Presentation is loading. Please wait.

Presentation is loading. Please wait.

Muscular System Types of Body Movements 600+ skeletal muscles attached to bone or connective tissue at no less than 2 points Origin – attached to immovable.

Similar presentations


Presentation on theme: "Muscular System Types of Body Movements 600+ skeletal muscles attached to bone or connective tissue at no less than 2 points Origin – attached to immovable."— Presentation transcript:

1 Muscular System Types of Body Movements 600+ skeletal muscles attached to bone or connective tissue at no less than 2 points Origin – attached to immovable bone Insertion – attached to movable bone MUSCLE MOVES TOWARD ORIGIN DURING CONTRACTION

2 Most Common Types of Body Movements  Flexion (decrease angle)  Extension (increase angle)  Abduction (moving limb away)  Adduction (moving limb toward)  Rotation (move bone along longitudinal axis)  Circumduction (combination)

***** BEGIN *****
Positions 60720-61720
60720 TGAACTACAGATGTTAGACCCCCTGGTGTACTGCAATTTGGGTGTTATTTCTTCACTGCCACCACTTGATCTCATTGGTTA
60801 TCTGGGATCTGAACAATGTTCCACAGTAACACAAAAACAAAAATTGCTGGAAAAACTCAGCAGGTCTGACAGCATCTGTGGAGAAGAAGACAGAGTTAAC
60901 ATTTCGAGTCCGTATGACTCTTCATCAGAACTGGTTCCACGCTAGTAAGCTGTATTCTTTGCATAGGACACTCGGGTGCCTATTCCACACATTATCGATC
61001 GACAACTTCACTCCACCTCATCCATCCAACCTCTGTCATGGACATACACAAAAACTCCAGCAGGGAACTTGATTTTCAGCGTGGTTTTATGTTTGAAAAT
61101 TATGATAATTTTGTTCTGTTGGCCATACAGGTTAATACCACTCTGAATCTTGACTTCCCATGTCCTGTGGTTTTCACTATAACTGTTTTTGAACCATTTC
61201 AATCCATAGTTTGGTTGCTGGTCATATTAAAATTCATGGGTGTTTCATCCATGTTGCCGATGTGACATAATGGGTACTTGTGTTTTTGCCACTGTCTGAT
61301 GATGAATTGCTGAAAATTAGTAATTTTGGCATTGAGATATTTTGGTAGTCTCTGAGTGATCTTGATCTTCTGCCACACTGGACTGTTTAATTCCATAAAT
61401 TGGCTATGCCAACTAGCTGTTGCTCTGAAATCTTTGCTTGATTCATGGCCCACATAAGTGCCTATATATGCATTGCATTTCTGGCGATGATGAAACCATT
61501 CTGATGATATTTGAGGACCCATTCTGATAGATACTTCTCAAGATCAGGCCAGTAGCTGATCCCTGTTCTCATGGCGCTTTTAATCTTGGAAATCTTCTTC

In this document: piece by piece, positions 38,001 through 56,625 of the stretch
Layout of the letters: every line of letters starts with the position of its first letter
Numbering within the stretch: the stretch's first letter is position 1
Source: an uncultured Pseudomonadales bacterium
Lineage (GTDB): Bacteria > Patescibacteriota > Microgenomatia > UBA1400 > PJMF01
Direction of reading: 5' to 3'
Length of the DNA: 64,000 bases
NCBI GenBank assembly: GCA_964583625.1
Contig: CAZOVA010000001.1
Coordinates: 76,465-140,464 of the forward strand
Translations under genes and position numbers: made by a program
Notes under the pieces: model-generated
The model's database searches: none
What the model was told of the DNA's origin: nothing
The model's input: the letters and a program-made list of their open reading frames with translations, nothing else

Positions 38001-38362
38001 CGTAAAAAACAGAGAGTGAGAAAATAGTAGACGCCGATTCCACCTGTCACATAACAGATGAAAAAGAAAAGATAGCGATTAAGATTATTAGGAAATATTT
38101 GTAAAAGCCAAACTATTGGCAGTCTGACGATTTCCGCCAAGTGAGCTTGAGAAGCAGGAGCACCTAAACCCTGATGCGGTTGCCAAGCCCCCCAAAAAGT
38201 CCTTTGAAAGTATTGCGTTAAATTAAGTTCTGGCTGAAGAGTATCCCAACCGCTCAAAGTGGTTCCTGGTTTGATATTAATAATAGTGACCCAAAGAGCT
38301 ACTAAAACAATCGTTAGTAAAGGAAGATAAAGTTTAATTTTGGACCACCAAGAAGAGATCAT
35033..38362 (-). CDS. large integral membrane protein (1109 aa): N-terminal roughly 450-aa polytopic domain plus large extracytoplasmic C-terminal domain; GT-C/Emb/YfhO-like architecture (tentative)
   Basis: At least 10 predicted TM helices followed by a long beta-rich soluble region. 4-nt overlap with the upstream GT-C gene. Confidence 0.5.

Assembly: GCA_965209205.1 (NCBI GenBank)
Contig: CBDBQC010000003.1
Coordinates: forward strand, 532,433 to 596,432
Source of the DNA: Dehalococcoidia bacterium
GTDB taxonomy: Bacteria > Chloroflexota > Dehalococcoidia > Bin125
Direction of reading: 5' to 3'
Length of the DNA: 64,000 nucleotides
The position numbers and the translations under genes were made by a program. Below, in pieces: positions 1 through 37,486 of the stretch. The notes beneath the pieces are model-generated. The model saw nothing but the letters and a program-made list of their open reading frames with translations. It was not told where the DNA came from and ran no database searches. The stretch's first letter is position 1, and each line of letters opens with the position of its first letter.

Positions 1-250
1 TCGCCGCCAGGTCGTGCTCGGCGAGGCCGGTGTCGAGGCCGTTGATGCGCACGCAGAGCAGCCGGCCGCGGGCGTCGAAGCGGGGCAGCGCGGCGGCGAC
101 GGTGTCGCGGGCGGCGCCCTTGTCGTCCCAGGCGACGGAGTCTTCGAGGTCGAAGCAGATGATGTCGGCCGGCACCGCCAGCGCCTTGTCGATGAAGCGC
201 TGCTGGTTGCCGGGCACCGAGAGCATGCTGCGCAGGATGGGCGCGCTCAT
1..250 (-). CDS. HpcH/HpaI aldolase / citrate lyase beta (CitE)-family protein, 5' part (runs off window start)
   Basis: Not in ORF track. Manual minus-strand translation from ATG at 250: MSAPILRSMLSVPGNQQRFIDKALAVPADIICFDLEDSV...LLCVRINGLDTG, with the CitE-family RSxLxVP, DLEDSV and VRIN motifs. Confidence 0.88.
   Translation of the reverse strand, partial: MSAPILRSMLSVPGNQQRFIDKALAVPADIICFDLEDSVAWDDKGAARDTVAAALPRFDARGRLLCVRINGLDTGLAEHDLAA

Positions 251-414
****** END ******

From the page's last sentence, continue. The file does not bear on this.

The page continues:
3 Common Types of Movement ( cont.)  Pronation (moving palm up to down; forces radius to cross ulna)  Supination (moving palm down to up into anatomical position; radius and ulna parallel)  Inversion (turning sole of foot medially)  Eversion (turning sole of foot laterally)  Dorsiflexion ( ankle movement/ instep up)  Plantar flexion (straighten ankle/instep down)

4 Types of Muscles  Movement is result of team of muscles. Whatever team can do, another team can reverse.  Prime Mover (agonist) = the muscle (of team) that has major responsibility for causing a particular movement  Ex: biceps brachii for elbow flexion  Antagonist = muscles that oppose or reverse movement (located opposite side of joint from agonist)  Ex: triceps brachii antagonizes biceps brachii, but is also prime mover for forearm extension  Synergist = muscles that help prime mover  Add force and reduce undesirable movements  Fixators = specialized synergists (stabilize)  Immobilize bone or muscle’s origin (i.e,scapula)